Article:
Every meeting you attend is an opportunity for you to put your best foot forward. Managers and co-workers can tell a great deal about you by what you say and do in meetings. How you participate and what you contribute can be a determining factor in promotions, salary increases and even whether you’re part of a staff downsizing or not.
Here are some simple ways to put your best foot forward and be a more productive meeting participant:
RSVP To Every Meeting Invitation
When you’re invited to a meeting, promptly RSVP indicating whether or not you will be attending. Make this a standard practice, even if the meeting invitation doesn’t request a response. This is just a simple courtesy that shows your respect and enthusiasm. It also helps make planning and managing the meeting much easier.
Preparation is the key to putting your best foot forward and contributing to a productive and successful meeting. Always come to the meeting prepared. If no meeting agenda and reading materials are sent prior to the meeting, or if you are unclear about the purpose or agenda, contact the meeting organizer for information or clarification.
Be On Time
Any meeting that is important enough for you to attend is important enough for you to arrive on time. Arriving at a meeting late not only slows down or prolongs the meeting, shows you have no respect for others attending and sends out a signal that you just don’t care.
Check Your Ego At The Door
Meetings are no place for inflated egos and personal agendas. The meeting is not about you, but about something of interest to the company and every person attending. Make it a practice to check your ego at the door and be a professional participant with valuable input.
Leave Your Cell Phone Behind
Either leave your cell phone back at your desk, or if you must bring it to the meeting, turn it off or set it on vibrate. If there’s a chance you might be receiving a call from a client or someone you absolutely need to speak to, inform your associates that you might have to leave the meeting for a moment to take an important call. Displaying a lack of cell phone etiquette ranks high on many executives’ lists of unprofessional and unacceptable behavior.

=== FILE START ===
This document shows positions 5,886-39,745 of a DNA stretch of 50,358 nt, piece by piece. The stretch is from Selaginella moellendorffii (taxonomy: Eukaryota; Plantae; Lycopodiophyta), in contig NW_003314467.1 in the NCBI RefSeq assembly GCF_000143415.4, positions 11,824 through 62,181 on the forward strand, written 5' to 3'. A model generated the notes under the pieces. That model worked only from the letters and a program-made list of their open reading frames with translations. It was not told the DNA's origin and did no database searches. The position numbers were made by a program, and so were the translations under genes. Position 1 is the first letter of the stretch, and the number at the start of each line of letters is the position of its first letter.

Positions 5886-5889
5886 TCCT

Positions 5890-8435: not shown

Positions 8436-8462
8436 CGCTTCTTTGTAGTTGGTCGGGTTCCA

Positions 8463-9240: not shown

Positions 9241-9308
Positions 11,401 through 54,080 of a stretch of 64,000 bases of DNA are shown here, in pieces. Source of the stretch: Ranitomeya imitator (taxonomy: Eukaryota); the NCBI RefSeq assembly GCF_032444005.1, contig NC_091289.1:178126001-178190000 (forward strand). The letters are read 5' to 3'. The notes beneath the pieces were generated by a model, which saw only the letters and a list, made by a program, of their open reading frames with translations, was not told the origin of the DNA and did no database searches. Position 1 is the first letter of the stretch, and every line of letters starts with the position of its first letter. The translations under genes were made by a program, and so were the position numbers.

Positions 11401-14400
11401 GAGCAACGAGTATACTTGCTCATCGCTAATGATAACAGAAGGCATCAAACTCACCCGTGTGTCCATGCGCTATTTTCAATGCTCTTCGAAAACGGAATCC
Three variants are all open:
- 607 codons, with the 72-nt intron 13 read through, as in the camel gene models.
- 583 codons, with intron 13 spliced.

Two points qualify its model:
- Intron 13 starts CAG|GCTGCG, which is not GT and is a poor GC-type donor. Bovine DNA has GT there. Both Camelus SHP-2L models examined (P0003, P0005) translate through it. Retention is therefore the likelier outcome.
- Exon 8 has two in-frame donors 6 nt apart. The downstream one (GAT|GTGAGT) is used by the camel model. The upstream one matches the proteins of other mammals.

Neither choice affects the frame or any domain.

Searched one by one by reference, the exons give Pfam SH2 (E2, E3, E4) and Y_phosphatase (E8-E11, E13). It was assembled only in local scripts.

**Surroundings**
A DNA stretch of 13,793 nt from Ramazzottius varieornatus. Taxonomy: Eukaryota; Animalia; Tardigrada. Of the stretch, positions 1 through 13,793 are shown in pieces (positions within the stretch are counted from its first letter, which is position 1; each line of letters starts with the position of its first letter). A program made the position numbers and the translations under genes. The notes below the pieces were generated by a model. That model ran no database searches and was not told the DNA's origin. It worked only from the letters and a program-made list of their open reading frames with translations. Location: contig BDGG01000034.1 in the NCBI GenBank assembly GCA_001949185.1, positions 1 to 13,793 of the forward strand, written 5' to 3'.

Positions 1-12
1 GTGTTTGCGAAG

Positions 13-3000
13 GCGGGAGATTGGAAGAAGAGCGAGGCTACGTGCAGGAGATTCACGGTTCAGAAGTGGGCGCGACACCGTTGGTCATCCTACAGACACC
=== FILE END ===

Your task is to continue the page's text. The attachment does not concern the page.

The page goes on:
Keep A Positive Outlook
Maintain a positive, “can-do” attitude, even if the purpose of the meeting is to discuss something potentially negative such as budget cuts, client complaints or an extremely challenging project with tight deadlines. Negativity accomplishes nothing and only lengthens the meeting, and prolongs the agony of the decision making process. A positive attitude and ideas always produce progress.
Agree To Disagree Amiably
Meetings involve a two way communication process, and often disagreements will naturally occur. Disagreements can be healthy and even lead to innovative solutions to problems and positive change.
So always respect others’ points of view and “agree to disagree” in a professional and amiable manner. Arguing accomplishes nothing. It only antagonizes people, causes dissent on the team, decreases productivity and prolongs the meeting.
Make Your Points Quickly and Clearly
Nothing is more annoying than a person who talks on and on as the clock ticks away. This only shows that the person speaking is unprepared or has nothing of value to say. Well-prepared meeting participants can make their points clearly and concisely. Everyone notices and appreciates this.
Be Mindful of the Time But Don’t Watch The Clock
Time is valuable. Keep in mine that everyone has places to go and things to do after the meeting, so it’s in the best interest of everyone to end the meeting on schedule. Be professional and do everything you can to keep the meeting progressing, especially keeping your comments short, relevant and to the point. However, don’t be a clock watcher who is constantly looking at the wall-clock, their cell phone or wrist watch.
Thank The Meeting Organizer
Always try to email the person who called the meeting to thank them for the opportunity to participate and provide your input. This is also an excellent opportunity to include additional feedback or ideas you didn’t have a chance to present during the meeting. Your co-workers will respect and appreciate this small extra effort.
Follow Up Promptly
If you were assigned any tasks or action items during the meeting, be sure to follow-up and complete them as soon as possible. This shows you’re a serious team player who wants to work together with your colleagues to get the job done.
Putting these into practice will help you get more out of the meetings you attend, and at the same time enhance your professional reputation and advance your career. Try it… you’ll see.